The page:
1. Binder, Jean. "Chapter 1." Global Project Management: Communication, Collaboration and Management across Borders. Aldershot: Gower, 2007. 21-42. Print. Summary: Introduction to culture in GPM. Description of Hofstede’s and Thrompenaars’ cultural dimensions and the impact on GPM
  2. A Guide to the Project Management Body of Knowledge (PMBOK Guide). 5th ed. Pennsylvania: Project Management Institute, 2013. Print. Summary: Project Management Institute’s standard for Project Management. Describes a project management process and ten knowledge areas within this process
  3. "Culture Meaning in the Cambridge English Dictionary." Culture Meaning in the Cambridge English Dictionary. Cambridge University Press 2015, 2015. Web. 24 Sept. 2015. Summary: Cambridge online dictionary. Definitions on culture
  4. Hofstede, Geert. "Dimensionalizing Cultures: The Hofstede Model in Context." Online Readings in Psychology and Culture 2.1 (2011): n. pag. Web. Summary: The article is a brief description of the six dimensions of national cultures of Hofstede’s model
  5. Lubin, Gus. "The Lewis Model Explains Every Culture In The World." Business Insider. Business Insider, Inc, 06 Sept. 2013. Web. 24 Sept. 2015. Summary: The article describes Lewis’ model of all the cultures in the world. The idea is to give an overview of cultures plotted in three categories; Linear-active, multi-active and reactive.
  6. Oertig, Margaret, and Thomas Buergi. "The Challenges of Managing Cross‐cultural Virtual Project Teams." Team Performance Management Team Performance Management: An International Journal 12.1/2 (2006): 23-30. ResearchGate. Jan. 2006. Web. 24 Sept. 2015. Summary: Article describes the challenges which has been seen in cross-cultural virtual teams
  7. Blomqvist, Kirsimarja, and Kaisa Henttonen. "Managing Distance in a Global Virtual Team: The Evolution of Trust through Technology-mediated Relational Communication." Strategic Change (n.d.): n. pag. ResearchGate. Mar. 2005. Web. 24 Sept. 2015. Summary: The article describes trust building witin a virtual team and which communication medias could be used in this process.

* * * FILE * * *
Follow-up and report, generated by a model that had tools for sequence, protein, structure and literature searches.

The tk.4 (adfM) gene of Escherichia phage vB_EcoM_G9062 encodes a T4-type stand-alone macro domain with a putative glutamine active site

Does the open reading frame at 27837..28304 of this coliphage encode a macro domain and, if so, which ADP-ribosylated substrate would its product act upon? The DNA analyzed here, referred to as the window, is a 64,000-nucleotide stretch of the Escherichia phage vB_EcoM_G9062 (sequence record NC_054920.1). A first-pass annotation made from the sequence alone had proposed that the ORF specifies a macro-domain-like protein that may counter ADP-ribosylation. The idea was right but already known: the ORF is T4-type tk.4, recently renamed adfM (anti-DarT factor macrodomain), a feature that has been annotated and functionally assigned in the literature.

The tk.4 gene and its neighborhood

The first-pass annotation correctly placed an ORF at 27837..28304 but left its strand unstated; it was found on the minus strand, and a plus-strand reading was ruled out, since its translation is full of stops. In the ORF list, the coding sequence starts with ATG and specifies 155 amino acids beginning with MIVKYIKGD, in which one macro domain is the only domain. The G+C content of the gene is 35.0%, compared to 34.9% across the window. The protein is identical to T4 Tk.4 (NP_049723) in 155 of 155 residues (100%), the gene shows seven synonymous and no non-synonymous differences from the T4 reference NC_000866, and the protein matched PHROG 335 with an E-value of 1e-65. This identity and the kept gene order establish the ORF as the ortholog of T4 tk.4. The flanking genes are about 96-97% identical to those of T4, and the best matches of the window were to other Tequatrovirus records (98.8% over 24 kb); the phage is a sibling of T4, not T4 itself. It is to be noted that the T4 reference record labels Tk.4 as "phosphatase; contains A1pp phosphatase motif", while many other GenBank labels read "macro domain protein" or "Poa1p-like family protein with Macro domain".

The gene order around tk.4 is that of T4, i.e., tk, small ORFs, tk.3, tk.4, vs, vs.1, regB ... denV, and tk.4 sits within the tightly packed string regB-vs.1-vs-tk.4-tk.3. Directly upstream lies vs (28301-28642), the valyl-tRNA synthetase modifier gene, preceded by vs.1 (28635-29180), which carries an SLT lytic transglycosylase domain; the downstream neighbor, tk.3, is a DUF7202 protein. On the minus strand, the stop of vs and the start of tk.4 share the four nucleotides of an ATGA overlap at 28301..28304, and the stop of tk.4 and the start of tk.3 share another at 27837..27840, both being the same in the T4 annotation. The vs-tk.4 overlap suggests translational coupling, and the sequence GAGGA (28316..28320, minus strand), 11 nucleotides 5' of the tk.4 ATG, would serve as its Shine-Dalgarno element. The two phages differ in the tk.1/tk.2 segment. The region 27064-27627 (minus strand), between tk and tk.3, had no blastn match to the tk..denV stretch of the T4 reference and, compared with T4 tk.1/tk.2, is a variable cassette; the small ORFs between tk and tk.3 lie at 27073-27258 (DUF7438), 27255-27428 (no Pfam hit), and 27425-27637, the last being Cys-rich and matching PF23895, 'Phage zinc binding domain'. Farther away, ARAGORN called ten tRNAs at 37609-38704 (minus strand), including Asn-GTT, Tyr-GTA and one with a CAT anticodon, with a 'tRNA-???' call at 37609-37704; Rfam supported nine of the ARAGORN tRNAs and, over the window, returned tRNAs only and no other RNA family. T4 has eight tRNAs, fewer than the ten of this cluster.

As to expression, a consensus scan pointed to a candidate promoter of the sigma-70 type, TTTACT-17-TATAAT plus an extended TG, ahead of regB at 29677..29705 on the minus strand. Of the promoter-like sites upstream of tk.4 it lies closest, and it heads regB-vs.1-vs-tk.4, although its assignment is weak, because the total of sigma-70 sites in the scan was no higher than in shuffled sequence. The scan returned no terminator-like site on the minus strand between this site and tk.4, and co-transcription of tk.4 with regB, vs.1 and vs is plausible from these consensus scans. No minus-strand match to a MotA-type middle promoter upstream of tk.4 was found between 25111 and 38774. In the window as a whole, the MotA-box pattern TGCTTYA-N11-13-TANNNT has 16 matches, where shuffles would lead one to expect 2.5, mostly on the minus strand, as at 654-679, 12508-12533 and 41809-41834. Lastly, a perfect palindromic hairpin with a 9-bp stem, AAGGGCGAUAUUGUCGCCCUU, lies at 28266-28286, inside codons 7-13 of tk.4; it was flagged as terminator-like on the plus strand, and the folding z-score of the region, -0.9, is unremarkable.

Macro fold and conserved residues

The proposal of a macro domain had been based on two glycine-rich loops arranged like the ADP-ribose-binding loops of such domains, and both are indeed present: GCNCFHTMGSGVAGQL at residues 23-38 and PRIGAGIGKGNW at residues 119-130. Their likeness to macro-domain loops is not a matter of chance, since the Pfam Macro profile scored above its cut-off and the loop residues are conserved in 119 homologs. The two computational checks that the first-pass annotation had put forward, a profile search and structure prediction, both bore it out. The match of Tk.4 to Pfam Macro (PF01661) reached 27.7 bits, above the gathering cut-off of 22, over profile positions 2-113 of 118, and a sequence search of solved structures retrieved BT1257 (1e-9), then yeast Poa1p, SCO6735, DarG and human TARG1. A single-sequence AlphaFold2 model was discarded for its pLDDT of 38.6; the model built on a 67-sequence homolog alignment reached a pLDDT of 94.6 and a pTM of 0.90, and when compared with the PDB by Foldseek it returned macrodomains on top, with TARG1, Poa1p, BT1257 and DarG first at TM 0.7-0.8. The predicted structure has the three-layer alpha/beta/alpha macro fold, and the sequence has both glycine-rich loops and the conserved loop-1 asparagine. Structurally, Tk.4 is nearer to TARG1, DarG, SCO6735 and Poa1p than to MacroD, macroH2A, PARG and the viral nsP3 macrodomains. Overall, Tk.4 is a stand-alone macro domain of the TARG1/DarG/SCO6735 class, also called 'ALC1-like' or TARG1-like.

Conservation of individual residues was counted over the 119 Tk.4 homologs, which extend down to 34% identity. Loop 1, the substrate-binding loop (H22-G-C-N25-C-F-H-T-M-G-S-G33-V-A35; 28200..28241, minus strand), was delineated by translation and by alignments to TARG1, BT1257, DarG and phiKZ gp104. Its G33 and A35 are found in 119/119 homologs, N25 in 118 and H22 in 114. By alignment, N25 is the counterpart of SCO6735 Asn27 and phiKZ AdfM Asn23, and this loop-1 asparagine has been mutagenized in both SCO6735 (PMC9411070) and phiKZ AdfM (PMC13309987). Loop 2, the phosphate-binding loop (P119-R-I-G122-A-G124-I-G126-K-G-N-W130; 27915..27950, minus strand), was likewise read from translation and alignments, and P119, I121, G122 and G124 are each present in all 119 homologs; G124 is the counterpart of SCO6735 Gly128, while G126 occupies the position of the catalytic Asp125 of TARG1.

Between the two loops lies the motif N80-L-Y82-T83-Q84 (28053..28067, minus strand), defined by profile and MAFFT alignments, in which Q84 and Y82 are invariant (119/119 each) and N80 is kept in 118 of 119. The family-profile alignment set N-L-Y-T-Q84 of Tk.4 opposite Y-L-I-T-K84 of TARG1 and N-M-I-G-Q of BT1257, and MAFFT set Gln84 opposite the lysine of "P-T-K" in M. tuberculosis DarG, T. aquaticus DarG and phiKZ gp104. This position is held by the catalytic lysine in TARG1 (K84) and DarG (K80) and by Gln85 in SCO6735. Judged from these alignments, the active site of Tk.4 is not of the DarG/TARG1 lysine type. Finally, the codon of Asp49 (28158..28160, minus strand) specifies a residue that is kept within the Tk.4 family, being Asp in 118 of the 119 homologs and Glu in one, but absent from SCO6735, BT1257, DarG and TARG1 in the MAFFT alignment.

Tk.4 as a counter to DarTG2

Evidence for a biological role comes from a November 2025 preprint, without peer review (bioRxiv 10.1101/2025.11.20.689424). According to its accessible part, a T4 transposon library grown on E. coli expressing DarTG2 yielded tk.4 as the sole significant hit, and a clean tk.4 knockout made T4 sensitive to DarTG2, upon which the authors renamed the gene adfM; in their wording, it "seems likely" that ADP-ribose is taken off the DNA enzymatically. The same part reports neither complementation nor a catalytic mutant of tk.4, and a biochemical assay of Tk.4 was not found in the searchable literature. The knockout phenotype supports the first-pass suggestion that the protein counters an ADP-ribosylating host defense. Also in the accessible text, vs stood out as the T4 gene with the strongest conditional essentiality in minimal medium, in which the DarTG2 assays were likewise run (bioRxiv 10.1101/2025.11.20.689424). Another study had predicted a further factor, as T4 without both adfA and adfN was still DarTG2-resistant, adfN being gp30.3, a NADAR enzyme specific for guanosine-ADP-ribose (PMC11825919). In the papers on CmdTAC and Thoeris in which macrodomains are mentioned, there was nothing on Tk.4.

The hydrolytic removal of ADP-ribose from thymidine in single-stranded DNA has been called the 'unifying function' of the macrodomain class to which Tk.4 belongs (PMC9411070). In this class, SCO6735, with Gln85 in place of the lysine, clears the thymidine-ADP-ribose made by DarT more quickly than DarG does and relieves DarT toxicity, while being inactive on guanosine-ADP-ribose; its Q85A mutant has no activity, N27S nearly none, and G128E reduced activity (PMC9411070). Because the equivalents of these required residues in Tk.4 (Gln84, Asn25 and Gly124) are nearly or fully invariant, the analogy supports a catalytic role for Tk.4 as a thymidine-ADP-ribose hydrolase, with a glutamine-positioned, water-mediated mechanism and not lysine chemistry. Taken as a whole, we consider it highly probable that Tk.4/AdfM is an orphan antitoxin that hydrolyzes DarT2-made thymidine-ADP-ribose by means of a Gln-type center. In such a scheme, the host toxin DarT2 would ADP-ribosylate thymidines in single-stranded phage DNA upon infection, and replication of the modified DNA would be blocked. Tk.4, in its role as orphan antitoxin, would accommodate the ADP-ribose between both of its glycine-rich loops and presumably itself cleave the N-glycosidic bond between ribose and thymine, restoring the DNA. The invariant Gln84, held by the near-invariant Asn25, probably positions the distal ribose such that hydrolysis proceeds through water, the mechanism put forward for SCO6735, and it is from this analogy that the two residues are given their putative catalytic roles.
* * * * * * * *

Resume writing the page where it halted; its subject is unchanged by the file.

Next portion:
8. Watkins, Michael. "Making Virtual Teams Work: Ten Basic Principles." Harvard Business Review. N.p., 27 June 2013. Web. 24 Sept. 2015. Summary: The article describes ten principles which can help in improving in teamwork in a virtual team.
  9. Daft, Richard L., and Robert H. Lengel. "ORGANIZATIONAL INFORMATION REQUIREMENTS, MEDIA RICHNESS AND STRUCTUR." Management Science (1986): n. pag. CNDLS. Web. 24 Sept. 2015. Summary: The article discuss communication medias used within an organization
  10. A Guide to the Project Management Body of Knowledge (PMBOK Guide). 5th ed. Pennsylvania: Project Management Institute, 2013. Print. Summary: Project Management Institute’s standard for Project Management. Describes a project management process and ten knowledge areas within this process
  11. Binder, Jean. "Chapter 3." Global Project Management: Communication, Collaboration and Management across Borders. Aldershot: Gower, 2007. 51-59. Print. Summary: Description of trust building in GPM. Establishing, maintaining and keeping long-term trust
  12. Osman, Hassan. "3 Fun and Easy Virtual Team Building Activities." The Couch Manager. N.p., 20 Apr. 2015. Web. 24 Sept. 2015. Summary: Article on three different activities for team building in a virtual team
  13. Binder, Jean. "Chapter 4." Global Project Management: Communication, Collaboration and Management across Borders. Aldershot: Gower, 2007. 63-65. Print. Summary: Describes the sources of conflicts, the levels, how it can influence I GPM and the steps to managing conflicts.
  14. Ford, John. "Cross Cultural Conflict Resolution in Teams." Cross Cultural Conflict Resolution in Teams. N.p., Oct. 2001. Web. 24 Sept. 2015. Summary: Article describes how different cultures handle conflicts
  15. Binder, Jean. "Chapter 7, 8, and 9." Global Project Management: Communication, Collaboration and Management across Borders. Aldershot: Gower, 2007. 91-118. Print. Summary:
  16. "Shannon and Weaver Model of Communication." Communication Theory RSS. N.p., n.d. Web. 24 Sept. 2015. Summary: Describing Shannon and Weaver Model of Communication."
  17. "Cross Cultural Communication." Communication Theory RSS. N.p., n.d. Web. 24 Sept. 2015. Summary: This article describes cross cultural communication